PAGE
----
Levi's Stadium

Elected Officials Should Talk About NFL Problems

If teams demand public funding, the public should demand a voice.

Like millions of other Americans, I am a fan of professional football. I’ve bought into the excitement and drama, and I ride the emotional roller coaster of watching every game my team plays. I’ve spent more money than I’d like to admit on being part of the football experience. It’s the only part of fall that doesn’t suck.

In the past few years there have been a string of high-profile incidents regarding unethical, immoral, and in some cases illegal, conduct by NFL players. In each case, politicians have voiced their opinions about the situation and what action should be taken. In the past few weeks we’ve heard from Minnesota governor Mark Dayton about Adrian Peterson hitting a child, and President Obama about Ray Rice knocking his fiancĂ© unconscious. Really though, who cares what they say about the NFL?

I’m fine with elected officials weighing in on NFL issues. It’s not because the NFL is really that important to public policy or citizens’ daily lives, because it isn’t - it’s entertainment pure and simple. However, NFL teams demand hundreds of millions of dollars in public funding for stadiums, subsidies, and other taxpayer-funded incentives so that a city/region can be graced with the presence of their privately held corporation. It seems reasonable that if the public drops that much coin on an organization that’s synonymous with the area with whom they identify, that their officials speak up when something happens that casts their locality in a poor light.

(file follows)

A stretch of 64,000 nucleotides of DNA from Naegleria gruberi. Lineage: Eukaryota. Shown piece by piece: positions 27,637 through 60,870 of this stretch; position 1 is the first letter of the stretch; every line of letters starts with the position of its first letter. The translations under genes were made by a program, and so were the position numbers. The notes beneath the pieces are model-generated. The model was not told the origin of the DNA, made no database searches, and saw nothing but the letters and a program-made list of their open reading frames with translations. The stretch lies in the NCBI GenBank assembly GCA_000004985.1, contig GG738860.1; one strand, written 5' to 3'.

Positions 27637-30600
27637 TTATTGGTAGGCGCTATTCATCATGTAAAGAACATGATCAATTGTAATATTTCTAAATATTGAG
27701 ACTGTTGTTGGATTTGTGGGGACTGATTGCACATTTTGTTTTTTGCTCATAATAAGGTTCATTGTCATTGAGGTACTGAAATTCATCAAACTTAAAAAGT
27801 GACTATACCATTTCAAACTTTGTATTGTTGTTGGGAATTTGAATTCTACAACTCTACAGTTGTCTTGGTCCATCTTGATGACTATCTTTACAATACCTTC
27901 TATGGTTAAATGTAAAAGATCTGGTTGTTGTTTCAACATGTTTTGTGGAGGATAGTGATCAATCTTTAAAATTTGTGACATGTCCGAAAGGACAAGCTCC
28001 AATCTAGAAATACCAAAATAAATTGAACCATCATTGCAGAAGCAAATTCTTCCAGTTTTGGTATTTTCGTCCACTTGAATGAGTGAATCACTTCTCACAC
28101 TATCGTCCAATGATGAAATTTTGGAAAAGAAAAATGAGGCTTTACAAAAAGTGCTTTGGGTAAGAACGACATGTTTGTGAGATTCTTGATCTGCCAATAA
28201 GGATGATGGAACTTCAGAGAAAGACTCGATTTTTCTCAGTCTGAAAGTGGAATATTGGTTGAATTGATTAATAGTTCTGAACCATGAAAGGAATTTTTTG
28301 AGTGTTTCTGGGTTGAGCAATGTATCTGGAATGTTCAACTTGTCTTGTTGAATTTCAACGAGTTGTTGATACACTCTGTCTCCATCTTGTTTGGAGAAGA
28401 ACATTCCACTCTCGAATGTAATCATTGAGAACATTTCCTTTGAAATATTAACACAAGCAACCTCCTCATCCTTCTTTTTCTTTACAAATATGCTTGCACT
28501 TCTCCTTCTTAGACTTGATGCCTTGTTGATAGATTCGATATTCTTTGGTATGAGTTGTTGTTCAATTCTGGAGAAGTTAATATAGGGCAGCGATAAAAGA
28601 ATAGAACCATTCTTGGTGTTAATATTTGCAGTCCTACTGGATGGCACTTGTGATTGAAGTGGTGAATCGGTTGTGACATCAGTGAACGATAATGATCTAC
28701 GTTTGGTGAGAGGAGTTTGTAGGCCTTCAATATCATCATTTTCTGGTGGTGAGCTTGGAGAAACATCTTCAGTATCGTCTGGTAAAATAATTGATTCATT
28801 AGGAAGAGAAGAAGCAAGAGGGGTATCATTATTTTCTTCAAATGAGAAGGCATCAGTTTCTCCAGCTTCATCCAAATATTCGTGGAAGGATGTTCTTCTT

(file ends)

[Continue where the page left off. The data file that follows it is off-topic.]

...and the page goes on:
I’m not saying NFL teams should be owned by their local governments - they have no place as government entities. I am saying that if NFL teams insist on public funding, we as the public should insist on a seat at the table, or at least a share in the profits. Something tells me that no city in America would turn down some extra money for schools, or to help cover the burden on infrastructure and services from having an NFL team.

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